The “alone” is relative. For some, the “we” is royal and the “alone,” literal: the Japanese phenomenon of hikikomori, wherein adults withdraw so far from society that they never leave their rooms, is not unique to Japan. For others, increasingly, the “we” is collective: ethnonationalism and cancel culture make great grist for horseshoe theorists, but “if you’re not with us, you’re against us” is the same mistake in any guise. It is true that some people are so harmful to society that they must be removed from it, but even that process was sufficiently worrisome to early American liberals that much of the Constitution is concerned with limiting the ostracism of individuals through criminal process. Today, it is routine for some of our most important representatives in public discourse—politicians and journalists—to dismiss vast swathes of the populace as fundamentally deplorable, and not just for clinging to their guns or bibles.
Consider a recent New York Times editorial in which Ernest Owens accused Barack Obama of being “more upset by online criticism than . . . by injustice,” because his criticism of cancel culture was “very boomer.” The idea that the former President is more upset by online criticism than by injustice is absurd. Given his penchant for identity politics, some might well find Obama’s liberalism wanting, but to dismiss the input of an accomplished statesman with an extended indulgence in the “OK, Boomer” meme is more than an attack on Obama; it is an endorsement of the idea that young people are better off without old people. I do not begrudge the New York Times its efforts to remain relevant by appealing to young adults, but I would be happier if they did so without subtly endorsing the illiberal exclusion of whole demographics from the process of public reason.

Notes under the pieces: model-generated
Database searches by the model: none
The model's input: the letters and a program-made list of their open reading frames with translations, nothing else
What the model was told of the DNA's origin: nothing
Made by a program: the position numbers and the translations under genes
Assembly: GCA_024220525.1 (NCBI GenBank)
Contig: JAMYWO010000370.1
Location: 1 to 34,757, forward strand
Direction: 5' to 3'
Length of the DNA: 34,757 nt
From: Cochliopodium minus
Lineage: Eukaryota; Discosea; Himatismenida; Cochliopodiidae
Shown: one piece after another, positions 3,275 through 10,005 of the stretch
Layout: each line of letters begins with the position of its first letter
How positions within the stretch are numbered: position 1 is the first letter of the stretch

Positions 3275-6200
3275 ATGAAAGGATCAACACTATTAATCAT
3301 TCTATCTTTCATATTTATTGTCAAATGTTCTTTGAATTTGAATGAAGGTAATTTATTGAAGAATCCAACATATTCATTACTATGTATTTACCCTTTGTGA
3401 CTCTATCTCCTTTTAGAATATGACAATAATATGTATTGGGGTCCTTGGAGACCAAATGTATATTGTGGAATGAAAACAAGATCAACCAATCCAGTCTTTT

For one thing that ties Boreing, Posner, and Obama together is the experience of publicly espousing liberalism in a way that drew criticism from erstwhile political allies. In growing circles to the left as well as the right, liberalism has fallen into disrepute. Partisan victories take priority over principled governance while blame-casting recriminations serve only to perpetuate the problem. We could point fingers at outrage merchants in the media, but they’re mostly following the incentives laid out for them. We could say there are too many commentators and not enough statesmen—Anthony Kronman’s The Lost Lawyer articulated this problem in 1993—but where are we going to find statesmen at this hour? No, we, the people, have largely got ourselves into this mess, and though it may require some uncomfortable sacrifices, some unconventional alliances, and even, perhaps, some eating of crow along with our Thanksgiving turkey, we, the people, are going to have to find a way out of it.
If you get the impression that I want conservatives to “take back” the message and moniker of liberalism, then you have misunderstood only slightly. Idiomatically, I do not think we can “take back” what is being actively thrust into our hands. We can be slow to recognize what’s happening, however: that the “far Left” and the “far Right” are built on the same philosophy, namely, that the polis should be more concerned with the status of identity groups than with the rights and responsibilities of individuals. The only substantive disagreement at the extremes of the American political spectrum is which groups to empower, and which individuals to ostracize. History teaches us that this is the sure road to tyranny, but our youngest voters never lived in the twentieth century, and history’s harshest lessons are easily forgotten in times of peace and plenty. The evolving polarity of American politics is away from a tale of two liberalisms, toward something rather more banal: the race to accumulate sufficient power for oneself and one’s allies that one’s ideological opponents can be safely exiled, exterminated, or otherwise excluded from consideration. To that end, any argument is treated as justified. In such struggles, consistency and fairness are for friends; the only acceptable act from an enemy is capitulation, or conversion. Such is the illiberalism on offer today.